Shane Larkin (Getty Images)
When Shane Larkin visited his father at spring training or during the Major League season as a young boy, former all-stars Pete Rose and Tony Perez often pulled him aside during batting practice to give him tips on his stance or his swing.
As a result, the son of former Cincinnati Reds shortstop Barry Larkin quickly grew frustrated one year when the manager of his youth baseball team began trying to undo much of what he'd been taught.
"I was doing some things he didn't think a seven-year-old kid should be doing, so when I went up to hit, he was like, 'Whoever taught you to hit didn't know what was he was talking about,'" Shane Larkin recalled with a chuckle. "That pretty much killed my love for baseball. I never played in an organized baseball game after that."
Baseball might never have been Larkin's sport of choice anyway because he found the game too slow, but University of Miami basketball coach Jim Larranaga and his staff should still be grateful for the incompetence of that youth coach. Had Larkin grown to love baseball as he grew older, the Miami point guard might be taking batting practice and fielding ground balls for some Double-A team right now instead of spearheading the resurgence of the Hurricanes basketball program.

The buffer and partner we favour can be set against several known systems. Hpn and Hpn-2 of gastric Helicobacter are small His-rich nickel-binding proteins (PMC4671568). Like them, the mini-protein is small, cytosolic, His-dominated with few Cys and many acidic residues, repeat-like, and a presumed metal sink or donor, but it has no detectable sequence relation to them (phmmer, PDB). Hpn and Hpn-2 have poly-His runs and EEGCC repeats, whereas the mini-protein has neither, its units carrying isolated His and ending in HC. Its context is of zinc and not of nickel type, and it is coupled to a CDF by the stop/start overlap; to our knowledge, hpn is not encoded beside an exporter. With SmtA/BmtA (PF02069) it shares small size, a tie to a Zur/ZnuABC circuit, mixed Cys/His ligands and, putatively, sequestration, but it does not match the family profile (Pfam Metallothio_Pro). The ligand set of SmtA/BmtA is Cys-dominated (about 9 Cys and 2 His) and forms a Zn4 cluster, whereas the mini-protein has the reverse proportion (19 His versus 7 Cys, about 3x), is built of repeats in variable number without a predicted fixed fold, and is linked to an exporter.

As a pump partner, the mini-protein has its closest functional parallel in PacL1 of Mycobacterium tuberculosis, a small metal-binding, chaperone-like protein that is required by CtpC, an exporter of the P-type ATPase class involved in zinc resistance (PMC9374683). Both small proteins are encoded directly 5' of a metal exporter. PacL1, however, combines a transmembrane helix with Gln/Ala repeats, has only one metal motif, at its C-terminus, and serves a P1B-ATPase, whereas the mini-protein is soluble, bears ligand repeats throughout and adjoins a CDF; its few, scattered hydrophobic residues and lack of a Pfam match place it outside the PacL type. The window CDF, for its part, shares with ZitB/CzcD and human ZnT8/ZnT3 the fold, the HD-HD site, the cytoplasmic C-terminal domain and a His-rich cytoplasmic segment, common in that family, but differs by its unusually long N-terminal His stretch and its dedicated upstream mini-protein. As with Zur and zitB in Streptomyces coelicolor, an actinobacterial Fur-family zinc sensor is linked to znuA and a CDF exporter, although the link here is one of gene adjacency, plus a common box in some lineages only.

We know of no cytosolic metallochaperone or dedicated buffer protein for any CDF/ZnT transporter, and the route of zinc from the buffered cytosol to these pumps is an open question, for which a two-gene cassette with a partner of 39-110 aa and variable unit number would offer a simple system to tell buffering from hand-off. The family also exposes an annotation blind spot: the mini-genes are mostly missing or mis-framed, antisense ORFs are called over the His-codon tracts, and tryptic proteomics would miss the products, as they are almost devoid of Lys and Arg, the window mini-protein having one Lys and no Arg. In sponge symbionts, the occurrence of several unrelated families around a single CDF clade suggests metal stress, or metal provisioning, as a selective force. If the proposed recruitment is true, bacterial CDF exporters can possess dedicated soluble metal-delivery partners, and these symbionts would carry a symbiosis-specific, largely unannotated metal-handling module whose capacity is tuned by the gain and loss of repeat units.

Larkin's emergence as one of the ACC's best point guards as a sophomore is a big reason No. 14 Miami (15-3) is off to its first 6-0 start in league play in program history. The speedy 5-foot-11 Orlando native has thrived in the Hurricanes' ball screen-heavy offense, scoring 12.3 points per game, dishing out 4.1 assists and shooting nearly 40 percent from behind the arc.
One reason for Larkin's progress this season is he feels more comfortable calling for the ball and being aggressive going to the rim now that he knows he has the trust of his teammates.
Since he initially enrolled at DePaul during the summer of 2011 before deciding to leave after a few months, Larkin didn't even arrive on campus at Miami until less than two months before the start of practice last season. He played 25 minutes per game as a freshman, but he deferred to veteran guards Malcolm Grant and Durand Scott much more than he does his teammates this year because he was conscientious of not being perceived as a ball hog by guys who were still getting to know him.